As I’ve already implied, Craig’s church makes the least sense of all. They aren’t keen on ascribing meteorological powers to the Devil, but they likewise recoil from blaming God. Both of those notions make them uneasy, so instead they say that storms just happen, and it’s not right to talk as if God made them happen for any specific reason (Just don’t ask Fred, who lives just one street over. His church teaches that God sends storms to punish communities for things like allowing gay people to exist in the same vicinity). Craig’s church puts God into more of a “first responder” position. He diligently watches events as they unfold and swoops in “at just the right moment” to keep things from getting worse. He watches as the storm tears through home after home but when it gets to one particular family, he “puts his hand over them” and protects them so that their lives are spared.
This familiar pattern happens a lot, by the way. For example, when a terrible car accident happens, they have him waiting until after the cars collide to save one guy out of four, leaving him paralyzed for life. That man and his family will probably praise God for saving him from this tragic accident. It could have been worse, right? God could have waited a second longer. Or perhaps someone gets cancer. God didn’t stop her from getting it, but after trained oncologists and surgeons cut away and treat the afflicted areas, God sweeps in and “heals” her…for at least a few years. Don’t even get me started on God working to bring to justice the guy who molests his stepdaughter. You’d think he might have stepped in before that happened; but hey, his ways are higher, remember?
This is terrible talk, I agree. Doesn’t it make your stomach turn? It should. It does mine. The truth of the matter is that nobody is sitting silently by, watching these awful things unfold. We are the only protectors, defenders, and first responders we will ever have. Sometimes things happen and we can’t keep them from happening. All we can do is do our best to prepare for the worst, and pull together to help each other out when things do go bad. That’s what people do, religious or not. They don’t do it because of their religion; they do it because we’re in this thing together, and we know we have to look out for each other. Nature rewards those species which help each other out. That’s why it feels good to do things for people, even complete strangers, expecting nothing in return. That’s how people get by down here. Around here they will almost universally credit God with the good parts of what happens (unless they’re Calvinists, in which case he does it all), and they will likely never ask themselves any of the questions I mentioned above.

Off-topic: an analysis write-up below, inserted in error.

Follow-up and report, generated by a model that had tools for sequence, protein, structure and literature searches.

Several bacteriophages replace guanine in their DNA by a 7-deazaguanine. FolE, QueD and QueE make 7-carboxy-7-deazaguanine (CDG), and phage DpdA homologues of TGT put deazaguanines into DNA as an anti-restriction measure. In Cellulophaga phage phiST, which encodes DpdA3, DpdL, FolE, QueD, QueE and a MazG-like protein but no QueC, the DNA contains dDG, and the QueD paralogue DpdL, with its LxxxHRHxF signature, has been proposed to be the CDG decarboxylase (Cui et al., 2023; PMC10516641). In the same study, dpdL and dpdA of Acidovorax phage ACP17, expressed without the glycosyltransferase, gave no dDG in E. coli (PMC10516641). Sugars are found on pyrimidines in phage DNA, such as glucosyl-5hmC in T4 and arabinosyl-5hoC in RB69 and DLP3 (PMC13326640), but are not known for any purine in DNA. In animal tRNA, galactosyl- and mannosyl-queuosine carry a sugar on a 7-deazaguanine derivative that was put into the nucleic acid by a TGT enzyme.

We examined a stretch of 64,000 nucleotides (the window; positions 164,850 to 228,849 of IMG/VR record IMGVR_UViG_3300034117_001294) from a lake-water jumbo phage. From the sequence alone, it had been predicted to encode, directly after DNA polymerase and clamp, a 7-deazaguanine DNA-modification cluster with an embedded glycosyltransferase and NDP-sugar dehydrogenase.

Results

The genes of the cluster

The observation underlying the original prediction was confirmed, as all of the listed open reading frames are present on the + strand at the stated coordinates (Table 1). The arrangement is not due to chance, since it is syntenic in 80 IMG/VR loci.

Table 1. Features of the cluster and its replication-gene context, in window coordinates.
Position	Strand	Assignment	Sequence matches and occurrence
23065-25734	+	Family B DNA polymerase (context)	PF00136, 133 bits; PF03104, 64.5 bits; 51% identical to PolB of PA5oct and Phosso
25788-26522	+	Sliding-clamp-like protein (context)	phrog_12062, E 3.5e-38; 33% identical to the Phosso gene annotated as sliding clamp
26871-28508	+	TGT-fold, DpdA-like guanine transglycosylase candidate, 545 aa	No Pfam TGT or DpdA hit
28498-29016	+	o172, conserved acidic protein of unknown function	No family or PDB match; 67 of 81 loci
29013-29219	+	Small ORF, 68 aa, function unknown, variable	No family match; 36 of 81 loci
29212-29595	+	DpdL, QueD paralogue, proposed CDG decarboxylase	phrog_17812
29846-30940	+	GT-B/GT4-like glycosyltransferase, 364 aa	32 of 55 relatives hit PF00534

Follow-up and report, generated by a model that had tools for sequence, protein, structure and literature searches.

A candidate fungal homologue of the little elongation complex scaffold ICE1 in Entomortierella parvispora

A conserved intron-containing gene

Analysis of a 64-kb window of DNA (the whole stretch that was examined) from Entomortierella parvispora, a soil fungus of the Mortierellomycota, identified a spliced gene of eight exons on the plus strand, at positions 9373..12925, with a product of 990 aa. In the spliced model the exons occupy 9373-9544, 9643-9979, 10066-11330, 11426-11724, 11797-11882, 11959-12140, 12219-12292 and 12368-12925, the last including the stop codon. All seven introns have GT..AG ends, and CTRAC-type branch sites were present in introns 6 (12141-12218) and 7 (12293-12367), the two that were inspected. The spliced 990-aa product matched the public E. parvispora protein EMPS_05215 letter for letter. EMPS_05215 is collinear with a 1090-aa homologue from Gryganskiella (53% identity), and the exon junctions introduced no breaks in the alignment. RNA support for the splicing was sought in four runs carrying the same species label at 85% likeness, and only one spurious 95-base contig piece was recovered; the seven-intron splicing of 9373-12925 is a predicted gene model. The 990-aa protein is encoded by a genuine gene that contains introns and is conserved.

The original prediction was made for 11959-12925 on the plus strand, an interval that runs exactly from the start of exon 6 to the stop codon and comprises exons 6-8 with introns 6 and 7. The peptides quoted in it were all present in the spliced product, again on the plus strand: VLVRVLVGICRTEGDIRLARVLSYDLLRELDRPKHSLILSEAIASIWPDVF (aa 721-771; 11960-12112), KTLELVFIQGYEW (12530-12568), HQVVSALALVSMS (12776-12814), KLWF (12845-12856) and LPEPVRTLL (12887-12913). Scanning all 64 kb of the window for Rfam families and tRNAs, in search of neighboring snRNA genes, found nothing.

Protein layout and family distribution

One more tidbit I must throw in. Fundamentalist preachers (like Fred’s) are fond of interpreting storms as either signs of the immanent return of Jesus or else as God’s judgment for doing something bad, like allowing a gay pride festival in your town. Jerry Falwell and Pat Robertson come to mind, but so does Bryan Fischer of American Family Radio. The reason that’s significant is that the hardest hit town in Mississippi this time around was Tupelo, birthplace of Elvis and also the location of the national headquarters for Fischer’s AFR outfit. If the address I have for the AFA is correct, it looks like the tornado touched down extremely close to where they’re based. I wonder if there’s any chance he will take this as a message that he and his organization are doing something wrong?
Yeah, I don’t think so, either.